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Protect Your Business Investment with a Buy-Sell Agreement

Every business relationship eventually will lead to a parting of ways. Investors or business partners retire or are slowed by health issues, die, disagree about the future course of the business, or simply decide they want to do something else with their time and money. 

We often deal with “corporate divorce,” and it’s surprising how many people go into a business relationship without giving sufficient thought to their exit strategy. If you’re forming a new business or investing in one, you need a buy-sell agreement that anticipates the end of the relationship and sets terms that will help you avoid hurt feelings, protracted and unpleasant negotiations and even litigation.

Here are some of the factors you will want to discuss with your legal counsel.

It’s about the money      

While it’s impossible to know what your business ownership or investment will be worth years from now, you can determine the process that will be used to determine its value. We usually recommend turning the valuation process over to an accounting firm that all parties trust, and allow a valuation expert to set a price. If the parties don’t mind the additional expense, they may get more peace of mind by averaging the valuations of two accounting firms. 

I would caution against using the “book value” of the company to determine its value. The experts will consider many other factors, such as the business’ current profit (or loss) margin, the value of real estate, inventory and other assets, and the offers the business would attract on the “open market.”    

Consider life insurance 

Small businesses sometimes purchase life insurance on the life of each owner, with the company designated as the beneficiary, and with the understanding that the insurance proceeds will be used to buy the interest of the deceased. This ensures that the surviving business owners won’t have to go into debt to purchase their former owner’s business interest, and it also provides an easy way for an owner’s family to receive the value of his or her portion of the business. 

Minority shareholders should protect themselves    

In many small businesses, each owner also is an employee. For any number of good and bad reasons, the majority owners may terminate the employment of a minority owner, leaving that person with an investment tied up in a business where he or she can no longer participate. Conversely, a minority owner may not want to sell an interest or relinquish the benefits of working in the company if it is likely to be worth a lot more in a few years.    

We recommend that minority owners have an agreement that protects their interests. This might include the requirement for a super-majority shareholder vote to oust them as an employee, identifying the type of conduct that justifies termination and the terms of a buy-out. 

LLCs have special obligations 

LLCs have many advantages in business formation, but one potentially problematic area of the law is that the company must purchase, at “fair value,” the interest of a “disassociated” member if the operating agreement doesn’t set out other terms. A family member or heir can’t simply assume that the interest of an LLC member who dies can be purchased at a fair price, absent an operating agreement that sets out terms for transferring an interest.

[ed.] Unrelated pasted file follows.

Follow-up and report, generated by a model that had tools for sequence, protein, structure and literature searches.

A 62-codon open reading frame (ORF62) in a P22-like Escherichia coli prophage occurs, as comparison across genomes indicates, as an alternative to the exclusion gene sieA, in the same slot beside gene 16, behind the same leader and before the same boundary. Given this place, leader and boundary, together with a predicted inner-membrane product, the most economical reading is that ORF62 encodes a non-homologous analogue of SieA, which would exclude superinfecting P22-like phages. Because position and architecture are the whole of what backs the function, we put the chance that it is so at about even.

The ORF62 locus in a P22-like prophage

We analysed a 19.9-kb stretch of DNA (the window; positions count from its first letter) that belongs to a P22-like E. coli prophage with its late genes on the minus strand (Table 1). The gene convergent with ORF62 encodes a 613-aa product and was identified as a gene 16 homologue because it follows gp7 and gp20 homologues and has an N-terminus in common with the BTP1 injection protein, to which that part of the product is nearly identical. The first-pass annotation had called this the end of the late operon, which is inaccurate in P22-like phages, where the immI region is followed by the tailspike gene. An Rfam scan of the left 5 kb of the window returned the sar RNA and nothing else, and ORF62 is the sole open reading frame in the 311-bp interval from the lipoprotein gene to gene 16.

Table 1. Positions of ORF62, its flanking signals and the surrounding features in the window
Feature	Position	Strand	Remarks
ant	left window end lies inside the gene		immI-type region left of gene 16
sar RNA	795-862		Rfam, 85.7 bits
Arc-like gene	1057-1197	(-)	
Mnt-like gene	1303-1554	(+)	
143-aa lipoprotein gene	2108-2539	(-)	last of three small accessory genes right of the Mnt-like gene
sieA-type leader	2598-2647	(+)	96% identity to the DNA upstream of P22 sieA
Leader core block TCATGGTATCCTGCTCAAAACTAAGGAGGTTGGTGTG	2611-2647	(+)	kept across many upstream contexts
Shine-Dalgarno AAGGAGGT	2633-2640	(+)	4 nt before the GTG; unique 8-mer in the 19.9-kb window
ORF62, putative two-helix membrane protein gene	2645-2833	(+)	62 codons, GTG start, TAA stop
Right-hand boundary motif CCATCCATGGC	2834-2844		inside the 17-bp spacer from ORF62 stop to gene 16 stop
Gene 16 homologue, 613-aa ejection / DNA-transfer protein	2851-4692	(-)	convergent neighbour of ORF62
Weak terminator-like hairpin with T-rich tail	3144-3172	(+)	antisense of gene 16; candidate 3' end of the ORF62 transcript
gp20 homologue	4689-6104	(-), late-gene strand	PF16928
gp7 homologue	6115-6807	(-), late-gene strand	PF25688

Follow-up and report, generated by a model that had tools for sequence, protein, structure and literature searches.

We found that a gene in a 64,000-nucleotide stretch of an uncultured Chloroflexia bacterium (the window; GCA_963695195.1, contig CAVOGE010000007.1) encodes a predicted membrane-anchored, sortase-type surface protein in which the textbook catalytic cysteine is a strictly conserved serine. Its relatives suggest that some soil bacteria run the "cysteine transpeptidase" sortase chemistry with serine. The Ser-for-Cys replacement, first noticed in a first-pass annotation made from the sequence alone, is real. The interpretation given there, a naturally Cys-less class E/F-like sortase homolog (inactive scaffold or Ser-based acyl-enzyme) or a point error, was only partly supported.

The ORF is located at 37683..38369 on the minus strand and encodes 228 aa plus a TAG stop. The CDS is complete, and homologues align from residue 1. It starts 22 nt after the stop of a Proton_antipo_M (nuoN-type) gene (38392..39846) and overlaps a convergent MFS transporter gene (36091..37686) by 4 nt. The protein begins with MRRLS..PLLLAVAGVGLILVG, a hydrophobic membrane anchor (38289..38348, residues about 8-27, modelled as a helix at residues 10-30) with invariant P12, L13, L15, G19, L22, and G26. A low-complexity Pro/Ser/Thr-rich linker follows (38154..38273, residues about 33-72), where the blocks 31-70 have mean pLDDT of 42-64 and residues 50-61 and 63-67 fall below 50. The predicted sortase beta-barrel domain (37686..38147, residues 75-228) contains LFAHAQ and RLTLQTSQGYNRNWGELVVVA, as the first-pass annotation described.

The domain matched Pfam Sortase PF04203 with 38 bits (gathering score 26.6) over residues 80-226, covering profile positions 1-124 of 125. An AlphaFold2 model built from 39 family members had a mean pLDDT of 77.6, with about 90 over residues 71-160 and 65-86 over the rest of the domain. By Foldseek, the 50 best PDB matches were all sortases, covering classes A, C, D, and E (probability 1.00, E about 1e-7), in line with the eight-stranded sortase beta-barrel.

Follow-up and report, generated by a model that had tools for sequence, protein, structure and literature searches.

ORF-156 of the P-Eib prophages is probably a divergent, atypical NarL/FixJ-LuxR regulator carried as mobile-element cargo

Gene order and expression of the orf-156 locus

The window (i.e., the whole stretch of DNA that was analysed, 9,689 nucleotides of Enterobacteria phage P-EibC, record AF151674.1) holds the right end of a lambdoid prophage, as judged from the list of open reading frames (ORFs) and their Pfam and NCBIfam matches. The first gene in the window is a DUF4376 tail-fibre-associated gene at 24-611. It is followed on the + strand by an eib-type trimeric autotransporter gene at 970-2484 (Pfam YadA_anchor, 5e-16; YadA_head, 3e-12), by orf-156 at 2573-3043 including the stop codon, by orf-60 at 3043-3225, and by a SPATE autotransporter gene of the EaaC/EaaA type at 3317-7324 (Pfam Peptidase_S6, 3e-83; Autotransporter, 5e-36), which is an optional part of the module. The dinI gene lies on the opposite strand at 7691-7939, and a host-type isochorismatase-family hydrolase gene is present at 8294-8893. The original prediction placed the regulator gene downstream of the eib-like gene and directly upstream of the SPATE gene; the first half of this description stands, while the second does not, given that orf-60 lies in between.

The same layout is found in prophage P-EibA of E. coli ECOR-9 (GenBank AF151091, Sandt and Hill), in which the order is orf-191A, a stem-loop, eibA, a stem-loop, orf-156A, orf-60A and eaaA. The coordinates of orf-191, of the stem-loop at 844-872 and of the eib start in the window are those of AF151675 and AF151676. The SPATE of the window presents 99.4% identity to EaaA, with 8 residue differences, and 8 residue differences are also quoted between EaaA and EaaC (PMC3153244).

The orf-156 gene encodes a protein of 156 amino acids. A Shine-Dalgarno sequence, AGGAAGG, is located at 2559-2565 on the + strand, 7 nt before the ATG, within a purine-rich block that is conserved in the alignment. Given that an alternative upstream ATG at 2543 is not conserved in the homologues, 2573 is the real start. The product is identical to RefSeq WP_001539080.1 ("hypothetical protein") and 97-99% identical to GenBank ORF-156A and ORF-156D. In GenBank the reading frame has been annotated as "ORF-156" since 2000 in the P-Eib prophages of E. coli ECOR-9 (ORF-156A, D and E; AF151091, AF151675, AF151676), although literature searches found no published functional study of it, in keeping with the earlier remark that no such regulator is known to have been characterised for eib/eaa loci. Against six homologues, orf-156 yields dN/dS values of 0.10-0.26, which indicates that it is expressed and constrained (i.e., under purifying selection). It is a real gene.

The South Carolina LLC statute doesn’t provide guidance on determining fair value or payment terms, but it’s clear that an LLC could be dissolved eventually if the parties can’t come to terms following a death, a result that likely will please none of the parties. 

Avoid this potential impasse by drawing up an operating agreement that anticipates all of the situations that disassociate an LLC member, which include becoming a debtor in bankruptcy.   

My law partner Mark Goddard recently authored a blog post on the differences between LLCs and corporations. You can read more about these structures here.  

Unwanted business partners

Unlike LLCs, a corporation’s shares can pass to an heir and the business continues to operate without a blip. But, it does mean you can suddenly find yourself in business with people with whom you don’t really want to work. 

As an example, the surviving spouse in a small, incorporated business may not understand that his or her income from the business is now limited to dividends, rather than the salary that the deceased spouse earned while working for the company. In such cases, the spouse likely will want to sell the interest, which may lead to an unwanted partner if the proper restrictions are not in place. 

Buy-sell agreements often give other shareholders or the company the right to redeem a shareholder’s interest, at a pre-determined price or formula, before it can be offered to others. This protects those remaining in the business from all of the headaches that may attend suddenly finding yourself in business with someone you don’t know. 

Most of these considerations can be addressed in an LLC operating agreement or in a separate shareholder agreement in a corporate business formation. Take the extra time to discuss what should go into such an agreement for your business, and you’ll likely protect yourself from aggravation, emotional distress and considerable expense down the road when an owner’s interest in the business must change hands.   

Jeffrey L. Payne is a shareholder in Turner Padget’s Florence, S.C., office. He focuses his practice on commercial litigation, with an emphasis on business torts, construction, commercial collection, eminent domain, foreclosures, banking and probate disputes. He may be reached at (843) 656-4432 or by email at jpayne@turnerpadget.com.     

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